The prevalence of P. aeruginosa isolation from dogs without clinically apparent extraocular disease in this study was comparable to previous reports in which P. aeruginosa was a consistent, but relatively infrequent, inhabitant of the canine extraocular microflora and was isolated from 1% to 14% of eyes. 44 45 46 47 48 49 50 The relative importance of conjunctival versus environmental sources of P. aeruginosa during initiation of canine ocular infections is unknown, but the similar prevalence of invasive and cytotoxic strains among extraocular microflora and infection isolates suggests that the conjunctival flora may be an important bacterial reservoir and both phenotypes are capable of inducing opportunistic ocular infection during appropriate circumstances. The consistent presence of P. aeruginosa in the normal conjunctival microflora of dogs contrasts with humans where P. aeruginosa is most often reported to be a rare and sporadic isolate in the absence of predisposing extraocular disease. 51 52 53 It is partially on the basis of these reports that, in humans, P. aeruginosa ocular infections are frequently believed to originate from environmental bacterial sources. 54 55 56 In disagreement with most studies of the human extraocular microflora; however, sporadic large human conjunctival microflora surveys have isolated P. aeruginosa from 5.8% to 6.7% of eyes; a prevalence similar to that reported for dogs. 57 58 Among individuals or populations where P. aeruginosa is present in the extraocular microflora, the importance of this endogenous source of bacteria in the pathogenesis of ocular infections and the predisposition toward infection resultant from its presence is currently unknown.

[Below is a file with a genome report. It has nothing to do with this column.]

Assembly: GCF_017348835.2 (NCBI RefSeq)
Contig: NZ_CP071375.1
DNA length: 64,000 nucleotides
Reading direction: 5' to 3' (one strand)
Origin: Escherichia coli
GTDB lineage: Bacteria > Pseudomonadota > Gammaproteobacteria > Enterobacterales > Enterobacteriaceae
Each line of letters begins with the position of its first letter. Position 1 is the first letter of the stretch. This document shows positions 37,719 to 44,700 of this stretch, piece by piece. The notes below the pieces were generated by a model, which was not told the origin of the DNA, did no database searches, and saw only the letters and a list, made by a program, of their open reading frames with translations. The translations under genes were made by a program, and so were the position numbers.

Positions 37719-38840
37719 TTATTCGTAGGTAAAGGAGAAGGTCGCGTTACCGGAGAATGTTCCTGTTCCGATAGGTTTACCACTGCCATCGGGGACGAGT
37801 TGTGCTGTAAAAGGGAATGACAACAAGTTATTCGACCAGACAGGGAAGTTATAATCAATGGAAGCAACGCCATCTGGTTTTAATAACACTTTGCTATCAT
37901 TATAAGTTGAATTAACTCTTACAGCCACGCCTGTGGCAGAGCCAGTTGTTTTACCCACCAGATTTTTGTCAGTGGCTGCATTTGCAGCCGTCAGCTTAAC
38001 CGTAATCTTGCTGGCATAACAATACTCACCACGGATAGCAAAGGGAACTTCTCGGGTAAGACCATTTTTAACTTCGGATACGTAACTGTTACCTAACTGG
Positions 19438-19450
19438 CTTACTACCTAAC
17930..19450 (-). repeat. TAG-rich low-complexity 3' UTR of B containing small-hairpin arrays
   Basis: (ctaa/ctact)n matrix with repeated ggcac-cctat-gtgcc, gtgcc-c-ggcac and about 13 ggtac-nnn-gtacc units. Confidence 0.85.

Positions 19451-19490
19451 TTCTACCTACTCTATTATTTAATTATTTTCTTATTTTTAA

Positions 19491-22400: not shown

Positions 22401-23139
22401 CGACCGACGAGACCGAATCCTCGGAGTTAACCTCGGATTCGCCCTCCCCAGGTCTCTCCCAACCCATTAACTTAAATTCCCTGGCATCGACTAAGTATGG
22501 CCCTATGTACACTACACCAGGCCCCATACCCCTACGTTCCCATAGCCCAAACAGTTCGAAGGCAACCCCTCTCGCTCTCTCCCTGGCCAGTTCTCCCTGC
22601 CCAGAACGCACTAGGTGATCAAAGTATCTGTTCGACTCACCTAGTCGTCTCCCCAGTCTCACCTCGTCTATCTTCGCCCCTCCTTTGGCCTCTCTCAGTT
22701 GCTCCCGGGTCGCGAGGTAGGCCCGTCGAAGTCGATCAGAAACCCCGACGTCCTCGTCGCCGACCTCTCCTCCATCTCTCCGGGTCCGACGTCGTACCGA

P. aeruginosa was isolated from the conjunctival flora of 50% of dogs sampled post-resolution of ulcerative keratitis. This frequency is notably higher than the 3% prevalence of P. aeruginosa within the conjunctival flora of dogs without ocular disease. All isolates collected from dogs after keratitis resolution had different in vitro antimicrobial susceptibility profiles, and only 50% shared the same phenotype and genotype as the original corneal isolate. It is unknown whether P. aeruginosa was present in the conjunctival flora before development of ulcerative keratitis; however, these results suggest that some dogs may be prone to the chronic presence of P. aeruginosa in the extraocular microflora. It does not appear that the same bacterial strain is responsible for this presence, but that bacterial mutation or, more likely, conjunctival recolonization from environmental sources or other endogenous flora is occurring. The reasons for this recolonization are currently unclear, but could include a variety of bacterial, environmental, or host factors.